Polluting the Pairinstability Mass Gap for Binary Black Holes through SuperEddington Accretion in Isolated Binaries
Abstract
The theory for single stellar evolution predicts a gap in the mass distribution of black holes (BHs) between approximately 45 and 130 $\,{M}_{\odot }$ , the socalled "pairinstability mass gap." We examine whether BHs can pollute the gap after accreting from a stellar companion. To this end, we simulate the evolution of isolated binaries using a population synthesis code, where we allow for superEddington accretion. Under our most extreme assumptions, we find that at most about 2% of all merging binary BH systems contains a BH with a mass in the pairinstability mass gap, and we find that less than 0.5% of the merging systems has a total mass larger than 90 $\,{M}_{\odot }$ . We find no merging binary BH systems with a total mass exceeding 100 $\,{M}_{\odot }$ . We compare our results to predictions from several dynamical pathways to pairinstability mass gap events and discuss the distinguishable features. We conclude that the classical isolated binary formation scenario will not significantly contribute to the pollution of the pairinstability mass gap. The robustness of the predicted mass gap for the isolated binary channel is promising for the prospective of placing constraints on (I) the relative contribution of different formation channels, (II) the physics of the progenitors including nuclear reaction rates, and, tentatively, (III) the Hubble parameter.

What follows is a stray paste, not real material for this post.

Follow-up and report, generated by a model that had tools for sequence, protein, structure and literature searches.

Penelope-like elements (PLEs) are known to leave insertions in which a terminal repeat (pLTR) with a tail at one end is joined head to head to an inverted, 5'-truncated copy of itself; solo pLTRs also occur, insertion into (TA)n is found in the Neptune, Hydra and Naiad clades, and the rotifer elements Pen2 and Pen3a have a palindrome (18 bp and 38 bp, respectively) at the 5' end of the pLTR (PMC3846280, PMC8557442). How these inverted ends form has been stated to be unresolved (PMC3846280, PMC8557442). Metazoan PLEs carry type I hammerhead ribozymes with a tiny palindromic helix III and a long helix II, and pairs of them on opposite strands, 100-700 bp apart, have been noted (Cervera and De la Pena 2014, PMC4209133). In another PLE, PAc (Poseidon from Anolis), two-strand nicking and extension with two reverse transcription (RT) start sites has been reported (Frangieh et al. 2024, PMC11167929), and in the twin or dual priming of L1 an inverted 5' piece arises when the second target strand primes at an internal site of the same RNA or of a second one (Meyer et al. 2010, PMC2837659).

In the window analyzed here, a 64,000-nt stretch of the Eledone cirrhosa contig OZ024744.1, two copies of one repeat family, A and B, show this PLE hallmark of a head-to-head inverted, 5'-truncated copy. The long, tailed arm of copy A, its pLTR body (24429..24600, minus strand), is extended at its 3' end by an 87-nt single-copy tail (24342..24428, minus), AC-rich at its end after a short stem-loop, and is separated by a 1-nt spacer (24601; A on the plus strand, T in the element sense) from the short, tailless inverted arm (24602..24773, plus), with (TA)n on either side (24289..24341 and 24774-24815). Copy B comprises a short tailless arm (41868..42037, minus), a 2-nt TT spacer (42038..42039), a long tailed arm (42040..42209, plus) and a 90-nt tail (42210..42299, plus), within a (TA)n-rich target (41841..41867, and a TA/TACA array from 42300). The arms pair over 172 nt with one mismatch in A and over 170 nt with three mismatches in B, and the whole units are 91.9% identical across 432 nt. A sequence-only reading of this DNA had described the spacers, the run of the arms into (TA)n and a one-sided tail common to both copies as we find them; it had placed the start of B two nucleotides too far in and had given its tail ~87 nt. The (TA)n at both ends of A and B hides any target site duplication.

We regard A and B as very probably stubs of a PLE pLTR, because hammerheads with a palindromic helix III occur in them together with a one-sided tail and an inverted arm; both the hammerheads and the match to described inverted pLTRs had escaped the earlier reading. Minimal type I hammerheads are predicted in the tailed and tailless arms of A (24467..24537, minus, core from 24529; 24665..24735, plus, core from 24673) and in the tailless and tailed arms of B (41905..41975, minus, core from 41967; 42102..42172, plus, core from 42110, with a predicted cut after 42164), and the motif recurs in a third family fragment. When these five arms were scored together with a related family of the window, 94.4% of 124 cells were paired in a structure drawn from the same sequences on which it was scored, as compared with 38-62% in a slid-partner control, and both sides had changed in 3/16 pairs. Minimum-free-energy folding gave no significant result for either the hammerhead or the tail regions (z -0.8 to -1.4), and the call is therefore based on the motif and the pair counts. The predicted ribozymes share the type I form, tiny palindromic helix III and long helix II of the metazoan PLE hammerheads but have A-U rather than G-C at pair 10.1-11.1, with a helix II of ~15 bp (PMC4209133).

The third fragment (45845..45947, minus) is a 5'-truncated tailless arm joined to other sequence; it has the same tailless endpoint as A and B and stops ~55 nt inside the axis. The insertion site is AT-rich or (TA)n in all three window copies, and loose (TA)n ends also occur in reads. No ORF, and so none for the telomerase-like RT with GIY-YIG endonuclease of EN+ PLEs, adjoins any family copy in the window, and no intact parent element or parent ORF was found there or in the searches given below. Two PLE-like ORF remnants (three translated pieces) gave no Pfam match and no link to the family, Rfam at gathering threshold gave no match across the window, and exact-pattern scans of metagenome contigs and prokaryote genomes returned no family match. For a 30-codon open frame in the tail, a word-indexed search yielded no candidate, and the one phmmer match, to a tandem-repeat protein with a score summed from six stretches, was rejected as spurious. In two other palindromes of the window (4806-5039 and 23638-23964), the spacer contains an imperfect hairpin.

Publication:

The Astrophysical Journal
 Pub Date:
 July 2020
 DOI:
 10.3847/15384357/ab9809
 arXiv:
 arXiv:2004.05187
 Bibcode:
 2020ApJ...897..100V
 Keywords:

 Compact binary stars;
 Black holes;
 Accretion;
 Gravitational wave sources;
 High energy astrophysics;
 Binary stars;
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 283;
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 Astrophysics  High Energy Astrophysical Phenomena
 EPrint:
 20 pages, 9 Figures, to be published in ApJ